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Timothy Fox - Head of Research & Chief Economist
Published Date: 20 May 2019
Trade developments will remain at the forefront this week, especially in regard to escalating US-China trade tensions. However, other destabilizing cross currents are also brewing in Europe and to some extent in the Middle East, keeping risk appetite low and safe havens like the USD underpinned.
On the positive side President Trump at least followed his deferral of a decision on tariffs on EU and Japanese autos with an agreement with Canada and Mexico regarding tariffs on steel and aluminium imposed last year, showing that he does not want to fight trade battles on multiple fronts. While this is welcome, it also suggests he may be prepared to double-down on China where signs of progress are not much in evidence after the ratcheting up of tariffs announced in the last fortnight, and the specific targeting of Huwei.
Japan’s Q1 GDP data was released this morning and shows that growth was much stronger than expected rising by 0.5% q/q, against expectations for a fall of -0.1%. This puts the annualized growth rate at 2.1%. However, the details of the report were less encouraging, with private consumption falling by -0.1% and business spending declining by -0.3%, with weaker imports being the principal factor behind a rise in net exports.
On the back of exit polls that have just been released in India markets are becoming optimistic that PM Modi will be returned to power when results are formally announced on Thursday. Modi’s victory would probably mean continuity of existing policies, which will be welcomed by markets even though the track record of the last few years has not been as impressive from a reform perspective as in the first few years of his tenure.
Egypt has been granted staff-level approval for the completion of the fifth and final review of its IMF programme, begun in late 2016. Upon sign-off by the executive board, USD 2bn will be released, taking the total granted to Egypt over the course of the programme to USD 12bn. The Fund recognised Egypt’s achievements in correcting ‘significant external and domestic imbalances’ and promoting ‘inclusive growth and job creation.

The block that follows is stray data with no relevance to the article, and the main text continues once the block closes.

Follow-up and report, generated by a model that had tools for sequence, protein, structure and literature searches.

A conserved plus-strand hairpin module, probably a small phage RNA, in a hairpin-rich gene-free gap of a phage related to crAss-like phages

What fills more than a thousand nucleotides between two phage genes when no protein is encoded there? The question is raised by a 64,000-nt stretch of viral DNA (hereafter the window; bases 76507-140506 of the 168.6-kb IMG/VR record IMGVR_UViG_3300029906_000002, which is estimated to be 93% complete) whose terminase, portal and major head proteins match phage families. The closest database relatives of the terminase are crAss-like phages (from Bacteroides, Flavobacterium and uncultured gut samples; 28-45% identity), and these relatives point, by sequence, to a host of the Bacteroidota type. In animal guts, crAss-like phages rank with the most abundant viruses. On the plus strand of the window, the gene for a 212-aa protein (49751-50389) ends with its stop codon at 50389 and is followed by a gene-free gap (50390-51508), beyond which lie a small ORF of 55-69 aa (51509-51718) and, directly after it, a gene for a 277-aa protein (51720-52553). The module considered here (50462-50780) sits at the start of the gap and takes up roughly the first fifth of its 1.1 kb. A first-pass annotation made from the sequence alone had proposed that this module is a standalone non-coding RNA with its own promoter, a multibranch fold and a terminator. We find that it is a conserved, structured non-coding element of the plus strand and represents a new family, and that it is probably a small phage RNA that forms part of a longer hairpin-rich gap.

Source: Bloomberg, Emirates NBD Research
Treasuries gained further last week amid mixed economic data and lack of progress on the US-China trade deal. Although some progress was made over trade deal with other countries, the market participants continued to remain cautious. Yields on the 2y UST, 5y UST and 10y UST ended the week at 2.19% (-7 bps w-o-w), 2.17% (-9 bps w-o-w) and 2.39% (-7 bps w-o-w) respectively.
Regional bonds drifted lower amid worries over fallout of ongoing regional geopolitical tensions. The YTW on Bloomberg Barclays GCC Credit and High Yield index rose 4 bps w-o-w to 3.99% and credit spreads widened 9 bps to 170 bps.
The AUD has rebounded after the weekend election saw the Liberal coalition returned to power against expectations that the Labour party would win. The victory of the Liberal’s is likely to be perceived as good for business at a time when there are renewed concerns about the economy with the labour market showing a rise in unemployment in April to 5.2%. The INR is also starting the week stronger following opinion polls showing PM Modi as favbourite to win the Indian election.
The USD more generally is strong having risen against most major currencies last week, with the exception of the CHF, which also benefited from safe-haven flows. The heating up of US/China trade rhetoric was the main source of safe-haven demand for the USD, but with tension over regional geopolitics and Brexit in the UK also partly responsible. GBP slid over 2% during the week versus the USD, falling close to 1.27 for the first time since January.
Developed market equities closed lower across the board on Friday. In the U.S., the S&P500 lost 0.58% while the Nasdaq declined by 1.04%. On the other side of the Atlantic, the results were similar, with the DAX losing 0.58%, Euro Stoxx posting a 0.38% loss. Regional markets had mixed results on Sunday and while the DFM lost 2.21% and the Tadawul fell 1.12%, the ADX was able to climb 0.30%.
This morning Asian equity markets have opened with mixed results and as we go to print, the Nikkei is trading 0.38% higher, while the Shanghai Composite is down 0.59%.
Oil markets snapped several weeks of losses last week as geopolitical tension and still strong compliance with the OPEC+ production cuts pushed prices higher. Brent ended the week up more than 2% at USD 72.21/b while WTI added 1.8% to close at USD 62.76/b. Brent forward curves moved higher, to as wide as USD 1/b on 1-2 month spreads while WTI time spreads remain weighed down by persistent increases in US crude stocks.
OPEC+ held a market monitoring meeting over the weekend in Saudi Arabia to assess whether markets needed an increase in production to compensate declining output from Iran and Venezuela, among other producers. Saudi Arabia’s energy minster indicated that he expects cuts to remain in place as inventories in the US are still increasing (up 30m bbl since the start of the year) but that the group will be flexible in meeting demand.
Trump eases on trade hostility
US-China trade war reaches a new threshold
UAE and China sign economic agreements
Interest rates to remain in the spotlight
FX Week: Volatility continues